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Career Change or Job Change -- Which Do You Really Want?

Ask yourself the following questions to determine if a whole new career path is really what you desire. Keep in mind, there are no right answers here--the quiz is for self-assessment purposes.

Start learning about yourself …

1 - After your last company meeting, you:

  1. began brainstorming ways to dazzle your manager with follow-up ideas
  2. IM'ed your friends to complain about the hour of your life you'll never get back
  3. resumed surfing school sites to see if there are some classes that will help you break free of your humdrum position

Consider this: If you answered C, it indicates that you're not just daydreaming about moving on, you're actively researching your escape plan. And education is a great way to launch your new career. For instance, in a typical MIT Sloan School of Management class, about 85 percent of students hope to use their degrees to change careers. The same holds true for students who turn to career training programs to increase their business knowledge in areas like accounting.

2 - You met up with an old friend for lunch. When the conversation turns to how your job is going, you:

  1. launch into a tale about your latest office triumph
  2. find yourself making an effort to change the subject since talking about work depresses you
  3. admit you're miserable and start asking about prospects in his/her field

Consider this: If you answered B, take heart--many people are not content in their current positions, simply because they don't fit in with company politics. In a recent Maritz poll of 1,300 full-time employees, more than half (58 percent) of
respondents agreed or strongly agreed that if they had the chance to do the same work at the same pay for a different company, they would continue doing their current job, just elsewhere. The good news is, you can make that happen through accessible and affordable online degree programs, so that if you decide to make a job leap, you'll have the educational foundation to get it done.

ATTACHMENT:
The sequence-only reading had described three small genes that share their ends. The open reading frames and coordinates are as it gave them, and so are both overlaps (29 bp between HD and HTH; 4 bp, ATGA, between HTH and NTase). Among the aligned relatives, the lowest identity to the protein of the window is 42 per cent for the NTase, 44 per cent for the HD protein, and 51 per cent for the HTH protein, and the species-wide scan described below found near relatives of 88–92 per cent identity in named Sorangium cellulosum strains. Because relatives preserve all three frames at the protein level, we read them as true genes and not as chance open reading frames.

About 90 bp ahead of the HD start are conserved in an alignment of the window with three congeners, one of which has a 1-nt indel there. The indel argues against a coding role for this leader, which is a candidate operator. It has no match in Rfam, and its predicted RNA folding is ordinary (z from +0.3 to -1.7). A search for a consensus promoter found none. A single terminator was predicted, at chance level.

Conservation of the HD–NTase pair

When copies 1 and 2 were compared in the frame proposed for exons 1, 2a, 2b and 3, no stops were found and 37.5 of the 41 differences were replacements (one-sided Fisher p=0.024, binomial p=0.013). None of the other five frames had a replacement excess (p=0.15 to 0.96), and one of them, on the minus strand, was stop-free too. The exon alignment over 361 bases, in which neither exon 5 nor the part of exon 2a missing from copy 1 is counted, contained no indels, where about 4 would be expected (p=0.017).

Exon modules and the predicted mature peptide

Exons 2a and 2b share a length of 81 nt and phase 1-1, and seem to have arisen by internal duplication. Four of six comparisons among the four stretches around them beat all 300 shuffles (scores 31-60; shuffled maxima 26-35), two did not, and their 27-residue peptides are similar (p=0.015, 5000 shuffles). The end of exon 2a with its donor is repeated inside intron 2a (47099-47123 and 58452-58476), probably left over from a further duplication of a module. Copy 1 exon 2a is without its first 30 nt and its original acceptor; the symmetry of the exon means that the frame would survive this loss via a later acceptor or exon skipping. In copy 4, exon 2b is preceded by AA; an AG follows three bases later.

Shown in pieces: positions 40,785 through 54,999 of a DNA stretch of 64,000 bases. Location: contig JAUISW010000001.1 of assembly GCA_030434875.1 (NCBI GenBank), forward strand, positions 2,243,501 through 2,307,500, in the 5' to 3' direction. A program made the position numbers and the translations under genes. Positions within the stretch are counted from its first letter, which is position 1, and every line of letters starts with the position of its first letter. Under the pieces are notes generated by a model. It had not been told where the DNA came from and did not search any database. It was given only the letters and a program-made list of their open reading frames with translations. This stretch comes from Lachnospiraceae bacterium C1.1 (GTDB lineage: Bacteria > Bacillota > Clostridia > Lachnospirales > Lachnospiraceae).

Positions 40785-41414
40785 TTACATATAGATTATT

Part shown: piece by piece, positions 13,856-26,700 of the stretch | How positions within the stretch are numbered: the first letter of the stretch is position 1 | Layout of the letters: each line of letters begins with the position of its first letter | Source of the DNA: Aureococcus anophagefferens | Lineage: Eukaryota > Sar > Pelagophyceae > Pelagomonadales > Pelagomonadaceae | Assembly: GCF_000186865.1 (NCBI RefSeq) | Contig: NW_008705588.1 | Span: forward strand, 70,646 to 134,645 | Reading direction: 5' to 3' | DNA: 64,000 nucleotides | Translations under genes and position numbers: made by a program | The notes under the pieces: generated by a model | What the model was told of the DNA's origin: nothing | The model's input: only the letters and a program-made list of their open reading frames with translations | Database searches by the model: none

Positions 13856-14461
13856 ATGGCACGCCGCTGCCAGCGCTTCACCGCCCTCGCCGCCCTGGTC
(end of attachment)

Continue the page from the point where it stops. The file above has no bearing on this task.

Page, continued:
3 - Every time you've just about had it at your current job you:

  1. take a deep breath and get over it-- you're too loyal to look elsewhere
  2. surf job boards and blog about how cranky you are
  3. kick yourself for not pursuing the career you really wanted

Consider this: No matter what your answer is, you should note that it's perfectly alright to see what else is out there, whether it's within your current industry or beyond. The result might be bettering your situation, or realizing you are indeed happy where you are, but you won't know until you inquire. The latest findings from a Computing Technology Industry Association (CompTIA) survey indicate that sixty percent of IT workers say they're looking for new jobs, and 81 percent of job hunters describe their searches as active. A whopping 80 percent of those looking for new gigs say they hope it's with a new employer. These employees know the competition is fierce, and often turn to online education to strengthen their appeal should they decide to move on.

4 - You are working on a project and an obstacle comes up. You're most likely to:

  1. brainstorm with co-workers to come up with a solution.
  2. find a way to patch up the problem, and let the next guy deal with the consequences.
  3. do your best to handle the situation, but realize that this is not something you want to deal with for the rest of your life.

Consider this:  If you answered A, you're not afraid to seek advice and are open to learning new things. Success in your current job as well as in the future is dependent on constantly learning. When one considers the fact that unskilled labor has decreased from 60 percent of the workforce in 1950 to 15 percent today, and that more than 80 percent of new jobs require an associate degree or higher, it's important to invest time in continuing your education. The flexible nature of online degrees will let you study on your own terms.